Embracing Detroit music as economic, cultural force

Something Piper Carter said stayed in my head, ever since last week when we met in Studio 5E, the arts space she operates in conjunction with several other entities in Midtown.

"We come from an expectation of failure, then blow people away with insurmountable success. Flip the script. Innovation. That's who we are as a people."

Piper was referring to the obstacles that have historically plagued African Americans, and yet African American artists specialize in swallowing these barriers whole, regurgitating them as new art forms. So then the expectation becomes not simply to create but to create defiantly and exceptionally.

And ain’t that Detroit? 

As the new-volution of our city continues to sort out what will and won't be included in the next phase, the necessity for a much warmer and wider embrace of  the local music and arts scene continues to be an imperative that must be addressed if Detroit has any hope of remaining truly Detroit.

The way forward necessitates a look back at the footsteps that brought us here before planning the future. Spencer Barefield, a prominent jazz musician, and his wife Barbara, an equally prominent artist and photographer, have been an integral part of the local jazz scene for more than three decades, which gives them a well-rounded -- and brutally grounded -- perspective on what was, is, and could be.

According to The Center for Michigan 2012 Scorecard, Michigan's arts funding "has dropped precipitously in recent years and ranked near the bottom (47th) in the nation in 2011. By comparison, in 2011, Michigan invested $1.4 million in arts, while Minnesota invested $30 million and Illinois invested $9.4 million."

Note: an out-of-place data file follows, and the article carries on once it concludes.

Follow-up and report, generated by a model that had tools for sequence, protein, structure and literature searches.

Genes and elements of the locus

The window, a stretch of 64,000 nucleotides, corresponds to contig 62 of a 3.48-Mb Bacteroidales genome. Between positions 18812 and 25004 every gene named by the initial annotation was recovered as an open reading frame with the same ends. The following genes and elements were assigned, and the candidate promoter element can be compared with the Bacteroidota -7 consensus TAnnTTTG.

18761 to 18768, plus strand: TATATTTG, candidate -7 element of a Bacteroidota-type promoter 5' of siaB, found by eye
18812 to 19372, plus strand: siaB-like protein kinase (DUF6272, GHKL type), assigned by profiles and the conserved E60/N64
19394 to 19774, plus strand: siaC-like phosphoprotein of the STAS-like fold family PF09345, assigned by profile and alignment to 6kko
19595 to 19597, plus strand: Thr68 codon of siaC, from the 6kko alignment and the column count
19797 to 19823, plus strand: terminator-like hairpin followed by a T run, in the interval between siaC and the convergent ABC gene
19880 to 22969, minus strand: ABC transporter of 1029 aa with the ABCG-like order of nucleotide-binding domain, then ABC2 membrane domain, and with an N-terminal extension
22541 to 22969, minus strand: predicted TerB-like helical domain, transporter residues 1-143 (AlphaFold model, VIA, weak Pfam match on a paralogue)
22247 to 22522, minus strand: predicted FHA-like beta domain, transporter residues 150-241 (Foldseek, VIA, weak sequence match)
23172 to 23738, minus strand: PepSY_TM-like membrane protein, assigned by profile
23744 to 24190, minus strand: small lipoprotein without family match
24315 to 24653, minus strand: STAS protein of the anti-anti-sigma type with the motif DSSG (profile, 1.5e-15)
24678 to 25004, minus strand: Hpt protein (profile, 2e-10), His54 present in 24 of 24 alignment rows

"The year Engler was elected in 1992, right after he was elected, he made an announcement; all arts funding has ended. Everyone who got a grant, if you’ve already received monies from us, you may have to refund what you got," said Spencer.
"Not you may have to. They asked us to refund money, and we had already contracted musicians," said Barbara.

"All these organizations had already spent their money," continued Spencer. "They had got their first checks and had started spending on their seasons, and they said, 'Well, you’re gonna have to give that back.' So everything shut down."
But then came the kicker…

"That same year we won the Governor’s Arts Award for our concert series at the DIA, which had been going on for 13 years at that time. They had shut down the museum. Plus they fired the entire Performing Arts Department of the DIA. Seventy people."

Nearly $500,000 in promised arts funding was yanked out from under them. Not long after, Spencer struck up a relationship with the Detroit Jazz Festival organizers and soon he was co-producing cutting edge and avant garde jazz on one of the stages. That led to the Barefields offering intimate  concerts at their home in conjunction with the festival each year, something which they had actually been doing since the late '80s, just not in partnership with the DJF. And that eventually led to the now 7-year-old Jazz in Homes music series they have been operating for seven years throughout Palmer Woods. When they first presented their idea to the Palmer Woods board, the board wasn’t so sure it could work but they gave it the green light nonetheless.

"Every concert sold out," said Barbara.

Flip the script. Innovation. That’s who we are as a people